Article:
In Last Call on Decatur Street (Park Row, Aug.), a New Orleans burlesque dancer longs for her estranged best friend on the Mardi Gras holiday Twelfth Night.

Your book is driven by succinct but cutting sentences. What informs your style?

James Baldwin said that your highest goal as a writer should be to write a sentence as clean as a bone. I tend to want to go lush and keep adding things. My whole life has been a lesson in paring down that impulse as much as possible.

Your protagonist Rosemary, who is white, has some blind spots regarding race. How did you manage to convey this?

I love the feeling of things unsaid. When you write about blind spots, you have to leave a lot of these gaps but make them clear enough. That kind of sparseness allows room for interpretation so readers can see all the things the narrator isn’t aware of. When you’re writing about race, people want clarity. They want to look at it and say, “Oh, this person is bad. This person is racist. This person is good.” When the reader can occupy this ambiguous middle ground, where they’re sympathizing with Rosemary but also seeing how she fails to acknowledge things, I think that’s the most interesting space.

This book takes place on Twelfth Night. Could you talk about the holiday’s significance?

It’s the feast of the epiphany, a good time to go on a journey of learning. It’s also the start of Mardi Gras season. Mardi Gras exemplifies a lot of the issues in this book, in showing the town’s tendency to sublimate its problems through a joyful experience. It acts like a pressure valve. You’re part of this great civic moment and connection, whereas in reality the town is riven with racial divides. Also, very few tourists know about Twelfth Night. It’s like Mardi Gras for locals.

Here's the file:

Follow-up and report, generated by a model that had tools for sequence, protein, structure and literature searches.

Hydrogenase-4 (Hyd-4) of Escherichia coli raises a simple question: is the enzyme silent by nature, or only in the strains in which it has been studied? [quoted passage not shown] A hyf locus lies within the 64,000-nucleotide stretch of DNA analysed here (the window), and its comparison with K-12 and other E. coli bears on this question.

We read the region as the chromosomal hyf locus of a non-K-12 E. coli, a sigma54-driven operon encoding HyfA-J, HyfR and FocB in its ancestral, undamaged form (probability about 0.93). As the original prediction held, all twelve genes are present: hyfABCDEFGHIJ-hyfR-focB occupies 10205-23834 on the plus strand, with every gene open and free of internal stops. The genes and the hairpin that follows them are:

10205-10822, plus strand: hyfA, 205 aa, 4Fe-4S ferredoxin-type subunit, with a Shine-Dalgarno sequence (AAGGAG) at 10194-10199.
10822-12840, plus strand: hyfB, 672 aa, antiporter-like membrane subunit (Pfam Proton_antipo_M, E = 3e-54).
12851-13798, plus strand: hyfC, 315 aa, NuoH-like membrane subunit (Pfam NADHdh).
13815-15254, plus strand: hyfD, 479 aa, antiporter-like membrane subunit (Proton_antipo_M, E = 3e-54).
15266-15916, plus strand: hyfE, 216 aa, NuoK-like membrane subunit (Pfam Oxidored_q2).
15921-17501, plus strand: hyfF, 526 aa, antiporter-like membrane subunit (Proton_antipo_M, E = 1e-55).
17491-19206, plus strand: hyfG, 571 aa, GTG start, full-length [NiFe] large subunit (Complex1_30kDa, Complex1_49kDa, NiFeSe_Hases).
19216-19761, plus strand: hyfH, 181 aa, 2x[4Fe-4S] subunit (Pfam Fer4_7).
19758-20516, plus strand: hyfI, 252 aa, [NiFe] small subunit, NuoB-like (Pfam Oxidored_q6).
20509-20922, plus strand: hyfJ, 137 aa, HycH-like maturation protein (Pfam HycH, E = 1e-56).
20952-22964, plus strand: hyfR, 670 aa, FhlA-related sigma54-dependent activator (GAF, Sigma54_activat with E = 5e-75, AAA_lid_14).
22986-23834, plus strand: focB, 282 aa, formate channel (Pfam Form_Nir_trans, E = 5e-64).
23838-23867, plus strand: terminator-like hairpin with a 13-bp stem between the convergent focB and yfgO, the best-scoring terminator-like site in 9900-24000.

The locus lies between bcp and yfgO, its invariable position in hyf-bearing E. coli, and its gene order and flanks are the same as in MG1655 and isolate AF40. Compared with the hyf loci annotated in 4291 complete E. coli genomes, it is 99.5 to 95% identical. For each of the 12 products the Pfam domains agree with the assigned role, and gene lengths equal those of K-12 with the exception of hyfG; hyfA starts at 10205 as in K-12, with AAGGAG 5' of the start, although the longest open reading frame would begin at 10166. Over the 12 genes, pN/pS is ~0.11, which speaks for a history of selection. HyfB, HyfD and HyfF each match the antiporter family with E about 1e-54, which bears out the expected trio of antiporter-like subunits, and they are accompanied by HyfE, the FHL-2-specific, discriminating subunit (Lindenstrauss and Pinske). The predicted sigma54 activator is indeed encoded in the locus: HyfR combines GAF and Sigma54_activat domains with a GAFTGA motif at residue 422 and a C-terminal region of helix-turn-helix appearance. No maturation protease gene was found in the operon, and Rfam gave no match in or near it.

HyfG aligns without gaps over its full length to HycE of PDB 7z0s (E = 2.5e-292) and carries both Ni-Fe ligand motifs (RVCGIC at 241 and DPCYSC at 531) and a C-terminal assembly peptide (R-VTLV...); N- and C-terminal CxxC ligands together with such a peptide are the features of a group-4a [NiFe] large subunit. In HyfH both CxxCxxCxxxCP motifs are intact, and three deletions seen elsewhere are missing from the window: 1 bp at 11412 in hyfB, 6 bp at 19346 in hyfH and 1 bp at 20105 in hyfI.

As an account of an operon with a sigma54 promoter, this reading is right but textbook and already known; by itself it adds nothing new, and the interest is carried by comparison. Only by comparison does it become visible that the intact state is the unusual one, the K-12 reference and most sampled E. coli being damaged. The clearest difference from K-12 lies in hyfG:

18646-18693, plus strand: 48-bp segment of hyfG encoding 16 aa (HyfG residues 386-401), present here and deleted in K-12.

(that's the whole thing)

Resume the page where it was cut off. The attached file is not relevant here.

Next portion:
You’re from New Orleans. What were you trying to capture about your hometown?

I grew up in this distinct subculture from 20 years ago that was very burlesque and vintage. Everyone was trying to act like they were in a Tom Waits song. It was a defining moment in New Orleans that hasn’t been described, but it makes for such a good story. It was very vivid and tactile and seductive. I wanted to write a fun, glamorous, seedy, almost noir story, and use burlesque as a vessel to look at some deeper questions. How is Rosemary informed by the world she grew up in? Does she reckon with it, move past it, or just become aware of it? Having your eyes open is sometimes the best thing you can do.